In sum, I think the problems with the pragmatist theory of truth are more serious than David Potts claims. I agree with Will Wilkinson that this theory leads to a vicious infinite regress, and cannot be stated consistently while still having an intelligible meaning.
David Potts wrote:
I am very happy to see the always-incisive Eyal Mozes weigh in with a comment. I personally think there has been too little discussion and too little debate among our group, and Eyal raises an interesting and important point. But I do not agree with his analysis.
Eyal says, in response to my claim that pragmatism holds an “internal” standard of truth, as opposed to the “external” standard of the correspondence theory: “But what does it mean to say ‘I have achieved my goals’...? Does it mean that the goals have been achieved in fact, in reality?... A consistent pragmatist would have to answer: ‘no; when I say that acting on belief P will lead to achieving your goals, I simply mean that if you act on belief P, then it will be *useful* for you to believe that you have achieved your goals...”
Eyal is perfectly right to say that there is a reflexive regress if all you can say about “P is useful” is that it is itself a useful thing to believe. But my claim is that the pragmatist can explicate usefulness in terms of goal achievement, where goal achievement is understood as something ultimately subjective such as feeling satisfied or successfully predicting observations. In the language I used in my essay, goal achievement is something the pragmatist cashes out as something “inside the system of sentences.” And I said furthermore that to bring truth inside the system of sentences and thus “solve” the dreaded verification regress is what induces the pragmatist to say that truth is usefulness to begin with.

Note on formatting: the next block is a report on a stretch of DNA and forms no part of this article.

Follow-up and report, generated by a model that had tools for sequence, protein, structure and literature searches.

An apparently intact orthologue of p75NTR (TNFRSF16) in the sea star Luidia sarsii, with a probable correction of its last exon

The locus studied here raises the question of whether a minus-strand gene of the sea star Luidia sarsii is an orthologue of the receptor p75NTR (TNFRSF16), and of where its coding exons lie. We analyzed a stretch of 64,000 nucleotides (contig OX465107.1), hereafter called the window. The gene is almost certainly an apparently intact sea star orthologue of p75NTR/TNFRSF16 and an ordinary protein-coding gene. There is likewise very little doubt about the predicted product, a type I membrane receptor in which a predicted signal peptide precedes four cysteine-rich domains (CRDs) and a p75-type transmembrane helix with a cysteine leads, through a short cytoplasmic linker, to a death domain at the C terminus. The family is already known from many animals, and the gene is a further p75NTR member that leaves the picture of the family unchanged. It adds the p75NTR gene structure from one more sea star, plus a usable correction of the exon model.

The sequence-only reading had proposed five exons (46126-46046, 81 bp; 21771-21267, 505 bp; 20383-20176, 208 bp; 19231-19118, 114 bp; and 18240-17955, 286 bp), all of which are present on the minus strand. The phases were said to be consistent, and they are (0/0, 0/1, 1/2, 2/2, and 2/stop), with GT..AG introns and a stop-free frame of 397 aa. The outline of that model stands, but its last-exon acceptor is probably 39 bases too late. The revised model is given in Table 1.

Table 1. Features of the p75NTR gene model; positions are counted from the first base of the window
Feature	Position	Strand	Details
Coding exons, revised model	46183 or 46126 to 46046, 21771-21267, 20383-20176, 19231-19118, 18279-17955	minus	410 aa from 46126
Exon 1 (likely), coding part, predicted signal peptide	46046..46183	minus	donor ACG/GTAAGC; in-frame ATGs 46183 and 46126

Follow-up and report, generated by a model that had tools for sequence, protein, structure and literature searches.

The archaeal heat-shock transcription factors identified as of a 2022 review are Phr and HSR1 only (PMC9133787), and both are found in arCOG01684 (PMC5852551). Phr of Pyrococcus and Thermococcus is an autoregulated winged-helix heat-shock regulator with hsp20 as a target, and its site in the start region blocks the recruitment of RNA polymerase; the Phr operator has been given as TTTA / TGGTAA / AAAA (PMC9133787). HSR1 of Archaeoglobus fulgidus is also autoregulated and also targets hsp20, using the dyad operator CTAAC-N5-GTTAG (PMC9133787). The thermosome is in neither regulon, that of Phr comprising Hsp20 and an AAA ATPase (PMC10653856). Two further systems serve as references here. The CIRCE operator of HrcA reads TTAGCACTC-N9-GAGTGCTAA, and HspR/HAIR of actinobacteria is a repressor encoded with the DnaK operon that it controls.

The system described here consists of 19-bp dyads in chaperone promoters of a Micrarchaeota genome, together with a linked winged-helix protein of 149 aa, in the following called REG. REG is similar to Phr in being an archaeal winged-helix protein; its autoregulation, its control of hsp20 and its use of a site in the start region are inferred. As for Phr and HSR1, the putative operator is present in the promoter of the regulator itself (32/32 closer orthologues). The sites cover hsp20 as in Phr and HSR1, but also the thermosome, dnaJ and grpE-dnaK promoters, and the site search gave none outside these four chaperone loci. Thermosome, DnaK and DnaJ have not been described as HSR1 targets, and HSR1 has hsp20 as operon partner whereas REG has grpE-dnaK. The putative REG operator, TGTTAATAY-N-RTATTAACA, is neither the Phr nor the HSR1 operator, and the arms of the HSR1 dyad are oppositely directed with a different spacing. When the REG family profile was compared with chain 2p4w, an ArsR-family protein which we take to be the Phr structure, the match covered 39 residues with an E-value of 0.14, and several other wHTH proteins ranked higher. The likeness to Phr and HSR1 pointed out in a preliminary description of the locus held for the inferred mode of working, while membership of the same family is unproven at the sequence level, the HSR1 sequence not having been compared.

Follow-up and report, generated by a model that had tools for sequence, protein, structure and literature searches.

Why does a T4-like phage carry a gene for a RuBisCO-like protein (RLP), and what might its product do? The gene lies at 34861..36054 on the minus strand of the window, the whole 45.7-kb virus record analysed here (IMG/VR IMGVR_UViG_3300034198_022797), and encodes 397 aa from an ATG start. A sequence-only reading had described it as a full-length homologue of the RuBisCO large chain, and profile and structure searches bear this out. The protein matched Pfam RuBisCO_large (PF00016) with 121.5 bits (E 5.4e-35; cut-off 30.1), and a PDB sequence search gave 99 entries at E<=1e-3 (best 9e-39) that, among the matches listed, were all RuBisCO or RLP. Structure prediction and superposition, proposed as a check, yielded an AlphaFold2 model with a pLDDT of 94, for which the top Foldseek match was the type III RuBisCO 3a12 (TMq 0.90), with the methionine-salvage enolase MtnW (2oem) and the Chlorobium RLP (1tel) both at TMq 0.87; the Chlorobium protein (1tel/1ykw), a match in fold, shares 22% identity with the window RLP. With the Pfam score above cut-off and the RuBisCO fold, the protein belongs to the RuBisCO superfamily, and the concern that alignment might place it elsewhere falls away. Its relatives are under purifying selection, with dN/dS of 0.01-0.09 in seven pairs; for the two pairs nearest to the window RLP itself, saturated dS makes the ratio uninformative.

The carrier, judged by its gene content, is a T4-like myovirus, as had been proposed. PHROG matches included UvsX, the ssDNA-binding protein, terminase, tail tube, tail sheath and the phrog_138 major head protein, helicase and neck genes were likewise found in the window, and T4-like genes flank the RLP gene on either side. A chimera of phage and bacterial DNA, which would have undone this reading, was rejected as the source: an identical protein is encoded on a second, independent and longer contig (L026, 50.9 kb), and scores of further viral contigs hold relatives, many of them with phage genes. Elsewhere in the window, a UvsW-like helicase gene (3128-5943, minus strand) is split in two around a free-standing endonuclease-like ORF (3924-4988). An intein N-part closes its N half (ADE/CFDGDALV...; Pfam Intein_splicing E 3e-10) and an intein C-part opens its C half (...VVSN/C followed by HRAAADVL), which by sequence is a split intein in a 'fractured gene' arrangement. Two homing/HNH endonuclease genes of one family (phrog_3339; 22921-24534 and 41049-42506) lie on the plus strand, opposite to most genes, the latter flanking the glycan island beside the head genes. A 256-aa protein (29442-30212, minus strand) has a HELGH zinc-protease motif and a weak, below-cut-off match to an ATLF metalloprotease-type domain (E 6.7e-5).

Therefore the pragmatist can indeed say quite a bit more about the usefulness of P than that it is itself useful.
But, Eyal Mozes asks, is this more, this goal achievement, something “in fact, in reality”? This phrase “in fact, in reality” is unfortunately ambiguous. If “reality” refers to something extralinguistic, then no, the goal achievement in question is not asserted to be “in reality.” It is rather, as I have said, inside the system of sentences. On the other hand, if “reality” refers to the system of sentences itself, then yes, goal achievement is “in reality”--at least, it is if the internal conditions are “really” satisfied. For example, one might find that certain beliefs lead to what seem like good consequences only to find that they conflict with other important goals or that they cause problems in the long run. All this is an internal matter, however, and so not a threat to the pragmatist standard of truth.
In short, the facts the pragmatist wishes not to rely on in articulating a standard of truth are only those outside the system of sentences. But it is not an embarrassment to the pragmatist to talk about the “facts” about the sentences themselves.
Back to Will Wilkinson, "Review of Richard Rorty's 'Solidarity or Objectivity?' and 'The Contingency of Language'"